Now halfway through the preseason, it's safe to say that things haven't gone quite as many Raider fans had hoped.
For starters, the team remains winless, and even those who mock the supposed importance of the preseason would acknowledge that things haven't gone according to plan.
Sure, Darren McFadden and the defensive line have been outstanding, but the rest of the starters still seem to be getting up to speed.
Fortunately for guys like Carson Palmer, their preseason play is basically irrelevant as their job has already been set in stone. For other guys, however, the next two weeks represent a fierce battle and competition for playing time.
With that in mind, we broke down the four position battles we thought could come down to the wire.
With the first three positions on the depth chart already assumed heading into camp, the fourth receiver spot is clearly up for grabs.
Entering the preseason, many believed rookie Juron Criner would run away with the position, but a lackluster preseason and strong performances from a pair of fellow rookies have done much to discourage that type of thinking.
Currently listed as the fourth receiver on the Raiders depth chart is receiver Eddie McGee, which was a pretty big surprise considering his lack of notoriety. McGee, the undrafted rookie out of Illinois, has just two catches for seven yards this preseason.
The favorite to win the job right now appears to be another rookie, Rod Streater, who went undrafted out of Temple. Streater has been one of the lone offensive bright spots for the Raiders through two preseason games, reeling in 13 catches for 109 yards, which is more than three times the catches of any other Raider.
The third major competitor for the position is Criner, who has looked shaky at times this preseason but has also shown glimpses of promise. Criner has two catches for 31 yards so far.
While it's hard to balance the reports coming out of camp and performance in the preseason, I think the edge at the moment has to go to Streater, but I think this competition is far from over.
While most of the time you hope that competitions would be the product of two guys playing extremely well, the backup running back competition in Oakland hasn't quite worked out like that.
Coming into camp, many believed the job would be the newly acquired Mike Goodson, who seems more built to handle the load of a running back should McFadden go down. That said, his biggest flaw coming to Oakland was his inability to hang onto the ball—something that has once again plagued him this preseason.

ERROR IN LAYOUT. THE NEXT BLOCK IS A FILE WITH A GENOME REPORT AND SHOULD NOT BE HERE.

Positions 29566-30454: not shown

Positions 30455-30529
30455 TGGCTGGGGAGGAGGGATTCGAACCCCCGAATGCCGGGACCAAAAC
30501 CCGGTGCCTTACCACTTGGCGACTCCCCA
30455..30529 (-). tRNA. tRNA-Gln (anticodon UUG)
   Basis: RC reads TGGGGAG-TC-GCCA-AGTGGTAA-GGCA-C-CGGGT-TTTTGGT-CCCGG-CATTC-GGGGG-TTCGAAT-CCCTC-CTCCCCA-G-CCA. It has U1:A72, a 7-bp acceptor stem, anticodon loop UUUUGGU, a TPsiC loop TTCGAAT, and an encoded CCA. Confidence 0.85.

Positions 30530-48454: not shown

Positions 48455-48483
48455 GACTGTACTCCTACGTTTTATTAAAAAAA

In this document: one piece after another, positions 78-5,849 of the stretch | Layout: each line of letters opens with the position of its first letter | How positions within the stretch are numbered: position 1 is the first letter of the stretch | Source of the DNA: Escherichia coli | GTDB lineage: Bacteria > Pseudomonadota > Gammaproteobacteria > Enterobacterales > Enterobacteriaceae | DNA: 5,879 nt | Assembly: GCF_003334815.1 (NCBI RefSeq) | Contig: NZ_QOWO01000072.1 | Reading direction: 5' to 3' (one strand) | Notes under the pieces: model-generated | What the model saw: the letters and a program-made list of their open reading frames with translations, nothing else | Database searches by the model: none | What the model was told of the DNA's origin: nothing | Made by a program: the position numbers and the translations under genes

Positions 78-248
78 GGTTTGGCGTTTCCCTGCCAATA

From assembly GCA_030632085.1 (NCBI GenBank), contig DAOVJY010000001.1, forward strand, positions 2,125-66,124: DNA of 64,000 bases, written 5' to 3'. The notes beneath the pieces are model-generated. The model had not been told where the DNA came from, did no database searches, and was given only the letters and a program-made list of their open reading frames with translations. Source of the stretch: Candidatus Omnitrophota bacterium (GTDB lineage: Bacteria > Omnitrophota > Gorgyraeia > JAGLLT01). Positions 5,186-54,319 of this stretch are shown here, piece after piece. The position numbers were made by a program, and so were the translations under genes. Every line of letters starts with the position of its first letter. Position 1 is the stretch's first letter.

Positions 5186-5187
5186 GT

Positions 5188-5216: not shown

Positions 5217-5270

Up against Goodson was second-year man Taiwan Jones, the speed back who showed glimpses of promise in limited action last season. Unfortunately for Jones, he has been unable to get on the field this preseason, making it tough for him to challenge Goodson in the long run.
By the end of camp, however, I think that if Jones can prove he is healthy enough to play, he'll be the No. 2 back in an upset. Goodson's fumbling problem and his ineffectiveness this preseason (five yards on six carries) have been big disappointment and could cost him some carries.
This also could be a position that the Raiders look to fill through free agency should a veteran back come available.
While Aaron Curry was the favorite to start here heading into 2012, injuries have kept him sidelined thus far, opening the door for rookies Miles Burris and Chad Kilgore to show what they can do.
If Curry can come back to practice healthy and show that he is ready to play, the job should be his. But Burris and Kilgore still have a couple weeks to prove they deserve a shot.
Kilgore is currently tied for third on the team in tackles with four solo tackles, while Burris isn't far behind with three. Both guys have been impressive in camp, and Burris in particular has had reporters and scouts buzzing about his potential.
Initially labeled as a late-round steal for the Raiders, Burris could be a future starter for the Raiders, but at this point, I don't think either has done enough to steal this job from the injured Curry.
Finally, this brings us to the most hotly contested, up and down competition of them all: cornerback.
With the free agency signings of Shawntae Spencer and Ronald Bartell, many anticipated that the two veterans would easily slide into starting roles for the Raiders this season. With two second-year players in Demarcus Van Dyke and Chimdi Chekwa looming, however, things were sure to get interesting.
The first player to generate some buzz was Van Dyke, who was easily the star of mini-camp with his play in practice. While always blessed with great speed, reports seemed to indicate that Van Dyke's coverage had turned the corner.
And then, the preseason happened.
To say Van Dyke has been disappointing in Oakland's first two games this preseason would be a gross understatement. The Miami product has been burned in coverage, has missed tackles and seems to be out of place on a regular basis defensively.
While the camp reports were uplifting, his preseason performances have brought his stock back down to earth.
Across from Van Dyke is Chekwa, a player I've always liked, and one who never seems to get too much attention. While not as flashy and fast as Van Dyke, Chekwa has flashed excellent coverage ability in limited action last season and this preseason, even logging one of the team's two interceptions thus far.
That said, however, Chekwa hasn't stood out enough to earn a starting job by a long stretch, and so I'm still giving the edge to Spencer and Bartell, with Chekwa close behind.